No John, that’s not a myth, that’s a straw man. No one has ever said there was a “golden past.” You just made that up because you don’t have a meritorious argument to make in favor of fatherlessness. Why you would want to is another question entirely. One of the great virtues of deriving one’s conclusions from known facts and provable science is that doing so makes thinking easier. One needn’t publicly humiliate oneself by resorting to silly tactics like the above. Or, for that matter, the below.

For a start, the trap the CSJ is falling into is the same one that so many so-called believers in ‘family values’ have fallen into: that the increase in marriage breakdown over those forty years was solely down to the divorce reforms of the late 1960s, which made divorce easier and thereby destroyed families.

Oops. Another straw man. Am I beginning to see a pattern? Again, no one has ever said that family breakdown “was solely down to the divorce reforms of the late 1960s.” Bolch is just making stuff up again. What I and countless others have said is that no-fault divorce encouraged an extremely dysfunctional situation to arise, i.e. a sharp uptick in the rate of marital dissolution. As with any other major social trend, many things went into family breakdown, among them the post-World War II prosperity in the U.S., the increase in women in the workforce, the pill, the decline in social opprobrium directed at out-of-wedlock childbearing and divorce and many others. The (then) new system of no-fault divorce, combined with a much older bias in favor of mothers and against fathers did much to abet a dangerous situation in which fathers are sidelined in their children’s lives. Amazingly, with all we now know, it still does.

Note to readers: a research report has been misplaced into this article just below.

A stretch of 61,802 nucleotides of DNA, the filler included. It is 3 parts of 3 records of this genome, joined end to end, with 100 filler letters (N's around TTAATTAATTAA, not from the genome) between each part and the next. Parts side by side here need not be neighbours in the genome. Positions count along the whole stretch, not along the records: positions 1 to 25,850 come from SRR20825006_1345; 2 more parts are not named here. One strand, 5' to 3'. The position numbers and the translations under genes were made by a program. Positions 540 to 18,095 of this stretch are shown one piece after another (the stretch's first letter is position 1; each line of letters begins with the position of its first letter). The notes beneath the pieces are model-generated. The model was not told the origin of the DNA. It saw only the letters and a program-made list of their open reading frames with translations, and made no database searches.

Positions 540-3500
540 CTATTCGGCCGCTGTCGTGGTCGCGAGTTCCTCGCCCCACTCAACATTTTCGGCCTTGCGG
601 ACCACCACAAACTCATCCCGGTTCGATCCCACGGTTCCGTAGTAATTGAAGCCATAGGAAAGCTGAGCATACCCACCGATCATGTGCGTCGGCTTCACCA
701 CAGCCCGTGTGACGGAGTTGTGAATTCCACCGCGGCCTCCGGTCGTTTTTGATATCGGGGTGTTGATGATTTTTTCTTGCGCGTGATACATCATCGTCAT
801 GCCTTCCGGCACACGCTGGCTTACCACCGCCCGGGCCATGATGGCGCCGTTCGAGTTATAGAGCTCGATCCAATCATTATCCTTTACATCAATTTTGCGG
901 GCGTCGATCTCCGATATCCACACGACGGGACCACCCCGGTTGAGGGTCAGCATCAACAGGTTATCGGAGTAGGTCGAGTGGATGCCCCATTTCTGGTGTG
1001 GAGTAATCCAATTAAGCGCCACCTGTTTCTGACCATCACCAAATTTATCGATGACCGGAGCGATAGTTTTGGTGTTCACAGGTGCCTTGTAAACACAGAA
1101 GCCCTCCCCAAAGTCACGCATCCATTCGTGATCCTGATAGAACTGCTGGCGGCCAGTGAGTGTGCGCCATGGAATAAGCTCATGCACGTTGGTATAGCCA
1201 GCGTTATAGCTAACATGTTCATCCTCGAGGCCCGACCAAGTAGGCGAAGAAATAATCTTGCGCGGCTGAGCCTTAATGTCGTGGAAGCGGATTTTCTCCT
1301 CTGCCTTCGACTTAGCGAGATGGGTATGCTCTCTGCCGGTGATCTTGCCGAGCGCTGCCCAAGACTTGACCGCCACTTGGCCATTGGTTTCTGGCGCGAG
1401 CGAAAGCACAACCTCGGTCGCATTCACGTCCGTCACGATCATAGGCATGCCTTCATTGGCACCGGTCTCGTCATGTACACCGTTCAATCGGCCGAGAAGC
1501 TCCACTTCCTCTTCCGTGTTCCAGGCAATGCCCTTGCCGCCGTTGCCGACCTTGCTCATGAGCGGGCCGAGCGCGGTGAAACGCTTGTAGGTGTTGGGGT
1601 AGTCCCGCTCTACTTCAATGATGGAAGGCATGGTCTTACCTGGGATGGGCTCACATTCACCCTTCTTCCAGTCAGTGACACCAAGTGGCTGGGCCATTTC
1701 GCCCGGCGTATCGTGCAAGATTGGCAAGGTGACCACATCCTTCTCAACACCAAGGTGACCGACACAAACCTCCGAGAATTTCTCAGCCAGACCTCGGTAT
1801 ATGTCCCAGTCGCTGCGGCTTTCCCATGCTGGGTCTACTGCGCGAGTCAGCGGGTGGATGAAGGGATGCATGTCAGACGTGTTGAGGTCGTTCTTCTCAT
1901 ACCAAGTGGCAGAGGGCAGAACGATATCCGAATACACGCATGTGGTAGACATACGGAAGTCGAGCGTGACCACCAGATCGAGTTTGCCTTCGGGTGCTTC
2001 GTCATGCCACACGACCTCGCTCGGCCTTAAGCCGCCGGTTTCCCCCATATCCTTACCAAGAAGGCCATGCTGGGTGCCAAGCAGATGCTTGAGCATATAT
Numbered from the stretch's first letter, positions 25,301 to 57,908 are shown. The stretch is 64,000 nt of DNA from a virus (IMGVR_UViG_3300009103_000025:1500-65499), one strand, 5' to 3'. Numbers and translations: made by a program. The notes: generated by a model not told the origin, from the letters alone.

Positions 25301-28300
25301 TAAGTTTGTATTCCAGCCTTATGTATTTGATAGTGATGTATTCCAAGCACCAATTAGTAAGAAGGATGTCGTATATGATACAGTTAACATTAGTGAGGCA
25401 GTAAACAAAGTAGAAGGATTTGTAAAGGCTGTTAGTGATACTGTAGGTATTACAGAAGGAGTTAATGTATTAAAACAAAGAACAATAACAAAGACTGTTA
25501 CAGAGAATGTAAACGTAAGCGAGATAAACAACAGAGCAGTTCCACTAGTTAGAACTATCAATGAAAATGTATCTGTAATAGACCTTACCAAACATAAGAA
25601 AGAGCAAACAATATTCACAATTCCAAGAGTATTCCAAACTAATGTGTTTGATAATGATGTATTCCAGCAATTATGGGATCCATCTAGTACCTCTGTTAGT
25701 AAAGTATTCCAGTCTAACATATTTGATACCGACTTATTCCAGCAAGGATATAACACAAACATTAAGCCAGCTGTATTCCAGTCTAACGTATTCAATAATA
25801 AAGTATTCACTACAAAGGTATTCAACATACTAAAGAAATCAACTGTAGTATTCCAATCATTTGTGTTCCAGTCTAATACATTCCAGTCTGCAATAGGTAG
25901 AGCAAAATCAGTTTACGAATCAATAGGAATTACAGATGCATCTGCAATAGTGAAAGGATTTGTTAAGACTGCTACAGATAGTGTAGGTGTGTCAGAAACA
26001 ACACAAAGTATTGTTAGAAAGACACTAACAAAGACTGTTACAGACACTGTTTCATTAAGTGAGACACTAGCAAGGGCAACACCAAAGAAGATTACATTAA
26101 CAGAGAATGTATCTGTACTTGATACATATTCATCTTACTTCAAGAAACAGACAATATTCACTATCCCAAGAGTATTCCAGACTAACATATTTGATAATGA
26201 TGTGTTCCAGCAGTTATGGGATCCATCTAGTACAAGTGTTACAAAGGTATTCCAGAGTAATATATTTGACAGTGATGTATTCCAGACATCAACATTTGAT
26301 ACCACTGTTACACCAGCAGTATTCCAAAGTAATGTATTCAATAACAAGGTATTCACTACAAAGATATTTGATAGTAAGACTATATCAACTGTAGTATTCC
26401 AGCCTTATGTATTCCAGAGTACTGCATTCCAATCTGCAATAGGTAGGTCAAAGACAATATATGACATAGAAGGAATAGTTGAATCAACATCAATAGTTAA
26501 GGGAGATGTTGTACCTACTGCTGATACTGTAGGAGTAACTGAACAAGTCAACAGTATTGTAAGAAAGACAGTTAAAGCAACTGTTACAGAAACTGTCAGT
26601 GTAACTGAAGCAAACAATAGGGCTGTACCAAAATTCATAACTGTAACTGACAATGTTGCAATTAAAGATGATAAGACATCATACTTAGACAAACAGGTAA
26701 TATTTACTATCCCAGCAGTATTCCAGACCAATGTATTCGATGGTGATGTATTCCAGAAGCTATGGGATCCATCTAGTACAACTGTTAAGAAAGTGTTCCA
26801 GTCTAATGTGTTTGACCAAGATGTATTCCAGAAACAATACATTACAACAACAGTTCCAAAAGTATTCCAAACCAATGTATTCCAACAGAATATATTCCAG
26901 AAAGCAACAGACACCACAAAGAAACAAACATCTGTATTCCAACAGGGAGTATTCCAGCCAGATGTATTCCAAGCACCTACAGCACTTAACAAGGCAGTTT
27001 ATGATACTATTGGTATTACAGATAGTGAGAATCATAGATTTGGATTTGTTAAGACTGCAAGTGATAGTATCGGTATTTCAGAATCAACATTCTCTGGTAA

And then Bolch goes whole-hog 1960s. You see, I was around then and I remember what was said about no-fault divorce. Bolch recycles the entire sorry mess.

Of course, a simple change in the law does not cause marriages to break down. Those marriages broke down of themselves. The only difference is that after the divorce reforms unhappy couples were able to dissolve their marriages, rather than being forced to stay shackled to one another.